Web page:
Chapter Study Guides Essay

Submitted By ambriac
Words: 9194
Pages: 37

Ambria Caldwell
BIO 1302-01
Thinking Critically/Review Questions
Dr. Maggie Boylan
January 15, 2013

Part I:
Chapter 1: Plants in Our Lives
Review Questions: 1. What are the characteristics of angiosperms?
Angiosperms are characterized by flowers and fruits. Angiosperms also contain four whorls of parts: the stamen, sepals, petals and one or more carpels. They are also unique because their sexual reproductive structures are contained in a flower.
Thinking Critically: 1. Plants are crucial to the existence of many organisms, including human beings. Could life on Earth exist without plants? Explain.
Life on Earth would be impossible without plants. Plants are essential for the human diet as well as for fuel to cook meats. Without plants for food one could not live for a long period time and without plants we do not have fuel to cook meat. Eating raw meat could subject a human to certain diseases leading to death. Plants are the base of most food chains and without it other organisms such as cows, goats, and pigs would also die. Plants also give other living organisms oxygen which is vital to survival.
Chapter 5: Plant Life Cycle: Flowers
Review Questions: 1. Describe the parts of a flower.

Sepals: Leafy structures that cover the unopened flower bud and protect the flower bud.
Calyx: The whole whorl of sepals of a single flower.
Corolla: The petals that make up the next whorl of flower parts.
Perianth: Where the calyx and corolla constitute.
Androecium: The whorl of male structures.
Anther: Pollen-producing, part of the stamen.
Filament: Stalk of the stamen that supports the anther.
Pollen: A fine powdery substance that is discharged from the androecium.
Stigma: The extended tip of the style.
Style: A slender column that rises from the top of the ovary.
Ovules: Vary in number and will eventually become seeds.
Ovary: Found within the gynoecium and bears ovules.
Gynoecium: The whorl of female structures.
Petals: Attract the animal pollinators.
Stamens: Contain pollen which will produce sperm.
Carpels: Or also called the pistil (old term) contains a swollen base or ovary which also contains the eggs.
Receptacle: also known as the stem and holds the flower’s organs.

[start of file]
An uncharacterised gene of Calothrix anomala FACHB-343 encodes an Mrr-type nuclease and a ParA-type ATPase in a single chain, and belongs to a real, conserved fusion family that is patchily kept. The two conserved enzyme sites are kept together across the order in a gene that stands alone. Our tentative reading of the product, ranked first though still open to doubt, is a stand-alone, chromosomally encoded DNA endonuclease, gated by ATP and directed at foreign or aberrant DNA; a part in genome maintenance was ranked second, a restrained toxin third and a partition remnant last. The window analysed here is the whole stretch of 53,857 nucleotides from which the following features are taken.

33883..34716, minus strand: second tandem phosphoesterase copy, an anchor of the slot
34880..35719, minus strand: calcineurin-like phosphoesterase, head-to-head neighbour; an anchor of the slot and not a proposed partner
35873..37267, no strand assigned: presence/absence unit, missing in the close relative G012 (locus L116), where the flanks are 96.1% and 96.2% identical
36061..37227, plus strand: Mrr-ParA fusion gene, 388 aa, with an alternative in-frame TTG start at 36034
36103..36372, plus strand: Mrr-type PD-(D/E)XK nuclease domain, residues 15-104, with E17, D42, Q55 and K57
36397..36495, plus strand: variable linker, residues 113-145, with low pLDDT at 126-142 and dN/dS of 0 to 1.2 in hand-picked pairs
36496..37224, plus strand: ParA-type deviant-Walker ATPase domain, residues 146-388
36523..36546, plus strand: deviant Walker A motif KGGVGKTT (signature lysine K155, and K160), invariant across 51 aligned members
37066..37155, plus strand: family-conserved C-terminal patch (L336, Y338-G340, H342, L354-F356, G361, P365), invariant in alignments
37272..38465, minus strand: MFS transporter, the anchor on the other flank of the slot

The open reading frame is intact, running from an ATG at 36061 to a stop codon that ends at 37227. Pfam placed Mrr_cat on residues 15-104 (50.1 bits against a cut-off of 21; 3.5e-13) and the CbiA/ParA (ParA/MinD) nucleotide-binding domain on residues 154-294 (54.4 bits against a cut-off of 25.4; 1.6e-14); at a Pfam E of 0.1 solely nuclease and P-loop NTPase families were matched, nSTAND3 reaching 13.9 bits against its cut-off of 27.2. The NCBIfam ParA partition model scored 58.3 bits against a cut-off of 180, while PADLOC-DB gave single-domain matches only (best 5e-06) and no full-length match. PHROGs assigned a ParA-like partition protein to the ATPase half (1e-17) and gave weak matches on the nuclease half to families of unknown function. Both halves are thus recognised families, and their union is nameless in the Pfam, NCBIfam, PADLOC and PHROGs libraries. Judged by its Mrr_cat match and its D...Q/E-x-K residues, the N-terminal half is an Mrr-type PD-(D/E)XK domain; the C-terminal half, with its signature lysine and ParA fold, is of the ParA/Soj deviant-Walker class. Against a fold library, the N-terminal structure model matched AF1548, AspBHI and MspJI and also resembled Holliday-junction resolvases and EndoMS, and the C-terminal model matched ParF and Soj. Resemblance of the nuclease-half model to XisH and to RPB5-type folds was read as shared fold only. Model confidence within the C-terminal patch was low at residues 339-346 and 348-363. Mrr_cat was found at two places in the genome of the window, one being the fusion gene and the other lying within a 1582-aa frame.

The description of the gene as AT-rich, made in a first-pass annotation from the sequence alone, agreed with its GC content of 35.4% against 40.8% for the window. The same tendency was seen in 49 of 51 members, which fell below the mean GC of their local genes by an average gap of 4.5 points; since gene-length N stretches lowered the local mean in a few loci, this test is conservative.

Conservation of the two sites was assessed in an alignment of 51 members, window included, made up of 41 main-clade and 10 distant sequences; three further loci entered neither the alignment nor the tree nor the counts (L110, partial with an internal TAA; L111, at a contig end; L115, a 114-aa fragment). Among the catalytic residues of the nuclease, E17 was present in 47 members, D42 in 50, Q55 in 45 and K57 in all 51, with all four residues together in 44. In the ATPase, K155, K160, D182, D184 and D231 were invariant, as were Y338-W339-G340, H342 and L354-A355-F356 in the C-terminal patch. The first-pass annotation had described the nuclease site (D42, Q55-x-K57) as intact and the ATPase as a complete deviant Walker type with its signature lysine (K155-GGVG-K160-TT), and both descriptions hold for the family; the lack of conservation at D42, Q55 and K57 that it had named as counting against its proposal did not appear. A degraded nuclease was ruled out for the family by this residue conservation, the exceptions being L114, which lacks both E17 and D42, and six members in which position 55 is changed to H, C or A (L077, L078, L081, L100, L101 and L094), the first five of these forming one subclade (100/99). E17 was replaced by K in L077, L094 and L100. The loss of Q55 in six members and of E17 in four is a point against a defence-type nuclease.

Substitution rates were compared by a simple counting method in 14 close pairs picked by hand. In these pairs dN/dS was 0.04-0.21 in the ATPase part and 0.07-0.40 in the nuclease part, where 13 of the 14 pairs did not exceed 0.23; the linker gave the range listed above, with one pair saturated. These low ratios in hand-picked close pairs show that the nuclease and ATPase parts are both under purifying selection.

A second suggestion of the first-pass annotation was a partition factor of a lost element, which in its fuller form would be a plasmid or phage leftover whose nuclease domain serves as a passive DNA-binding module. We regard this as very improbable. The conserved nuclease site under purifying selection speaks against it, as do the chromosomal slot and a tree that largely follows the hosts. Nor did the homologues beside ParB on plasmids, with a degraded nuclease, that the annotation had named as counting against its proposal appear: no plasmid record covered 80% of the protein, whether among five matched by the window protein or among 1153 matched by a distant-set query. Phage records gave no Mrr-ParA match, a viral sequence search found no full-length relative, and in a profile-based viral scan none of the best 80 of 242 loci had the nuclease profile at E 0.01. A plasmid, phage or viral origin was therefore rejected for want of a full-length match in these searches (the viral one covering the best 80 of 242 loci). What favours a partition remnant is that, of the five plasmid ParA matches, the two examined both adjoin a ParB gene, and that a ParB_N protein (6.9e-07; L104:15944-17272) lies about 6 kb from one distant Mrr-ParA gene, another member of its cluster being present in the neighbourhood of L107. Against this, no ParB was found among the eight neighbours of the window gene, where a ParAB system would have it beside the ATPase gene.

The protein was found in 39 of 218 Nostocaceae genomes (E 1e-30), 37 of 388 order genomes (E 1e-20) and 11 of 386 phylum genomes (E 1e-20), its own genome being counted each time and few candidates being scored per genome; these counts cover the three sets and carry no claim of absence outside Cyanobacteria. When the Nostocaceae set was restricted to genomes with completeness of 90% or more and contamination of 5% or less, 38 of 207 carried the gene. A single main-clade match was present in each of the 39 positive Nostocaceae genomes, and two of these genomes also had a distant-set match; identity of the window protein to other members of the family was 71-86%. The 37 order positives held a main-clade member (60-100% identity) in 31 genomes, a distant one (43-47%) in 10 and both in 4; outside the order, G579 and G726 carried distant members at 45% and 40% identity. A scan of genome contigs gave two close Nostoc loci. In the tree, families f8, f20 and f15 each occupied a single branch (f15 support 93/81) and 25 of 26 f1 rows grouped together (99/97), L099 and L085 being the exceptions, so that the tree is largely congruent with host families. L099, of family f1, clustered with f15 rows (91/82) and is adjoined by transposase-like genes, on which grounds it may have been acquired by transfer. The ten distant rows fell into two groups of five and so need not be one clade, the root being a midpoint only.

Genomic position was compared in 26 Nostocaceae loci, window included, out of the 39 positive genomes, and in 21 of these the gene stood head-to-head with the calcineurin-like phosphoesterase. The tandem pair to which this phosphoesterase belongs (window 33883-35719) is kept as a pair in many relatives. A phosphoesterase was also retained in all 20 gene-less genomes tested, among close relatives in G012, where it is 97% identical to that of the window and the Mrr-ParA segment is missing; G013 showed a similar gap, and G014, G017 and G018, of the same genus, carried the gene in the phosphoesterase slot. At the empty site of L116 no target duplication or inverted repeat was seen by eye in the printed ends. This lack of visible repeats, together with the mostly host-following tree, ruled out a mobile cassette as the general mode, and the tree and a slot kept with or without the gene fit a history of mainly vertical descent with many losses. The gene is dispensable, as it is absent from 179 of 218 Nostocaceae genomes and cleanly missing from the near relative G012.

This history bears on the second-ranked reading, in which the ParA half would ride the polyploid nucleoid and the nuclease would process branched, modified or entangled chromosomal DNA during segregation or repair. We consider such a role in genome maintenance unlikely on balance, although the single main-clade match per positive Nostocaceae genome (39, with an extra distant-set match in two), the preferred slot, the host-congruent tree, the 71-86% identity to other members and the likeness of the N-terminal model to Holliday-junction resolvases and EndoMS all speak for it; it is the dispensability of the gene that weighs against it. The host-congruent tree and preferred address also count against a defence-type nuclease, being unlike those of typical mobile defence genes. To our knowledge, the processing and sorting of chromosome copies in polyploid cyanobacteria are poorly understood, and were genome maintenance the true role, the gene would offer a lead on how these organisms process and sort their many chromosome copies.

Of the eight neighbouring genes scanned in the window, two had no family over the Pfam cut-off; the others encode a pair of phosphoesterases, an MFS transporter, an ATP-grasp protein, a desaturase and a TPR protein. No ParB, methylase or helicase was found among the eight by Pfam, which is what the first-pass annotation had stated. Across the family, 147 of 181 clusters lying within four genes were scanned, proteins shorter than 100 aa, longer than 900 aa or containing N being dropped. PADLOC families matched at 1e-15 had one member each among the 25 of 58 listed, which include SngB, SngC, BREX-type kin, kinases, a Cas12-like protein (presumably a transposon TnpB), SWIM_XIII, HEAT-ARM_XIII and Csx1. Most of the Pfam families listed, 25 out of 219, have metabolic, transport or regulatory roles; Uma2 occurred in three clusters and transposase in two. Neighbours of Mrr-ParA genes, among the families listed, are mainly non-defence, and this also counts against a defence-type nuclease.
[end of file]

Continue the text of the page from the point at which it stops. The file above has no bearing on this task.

Bracts: Found only in some flowers and located on the outside of the calyx. They appear leaf like or petal-like and can be various sizes.

2. What is the general appearance of a wind-pollinated flower? Of an animal-pollinated flower? Take a walk in a garden or tour a greenhouse and try to determine whether the flower is wind- or animal-pollinated by examining the flower’s structure.

Wind-pollinated flowers are small and inconspicuous while animal-pollinated flowers have bright, showy petals and fragrant aromas they are also rich in nectar.
Thinking Critically: 1. The coevolution of flowers and animal pollinators is one of the marvels of nature and can greatly enhance the rate of successful pollinations. Few flowers, however, are so specialized that they can only be pollinated by only one type of animal. Why would extreme specialization between pollinator and flower be at once both an advantage and a drawback?

The extreme specialization between a flower and pollinator is both an advantage and a drawback. The relationship between the two ensures the success of pollination. The drawback is the availability of the pollinator if the population of the pollinator is low the occurrences of pollination will be as well. Since the plant can only be pollinated by one type of animal there are no other alternatives.

2. In many perfect flowers, the stamens and carpels mature at different times. For instance, the anthers of a flower may release pollen while the stigma is still immature and unreceptive, and by the time the stigma is receptive, the anthers have released all of their pollen and are empty. What is the advantage of this adaption?
This adaptation decreases the chances that the flower will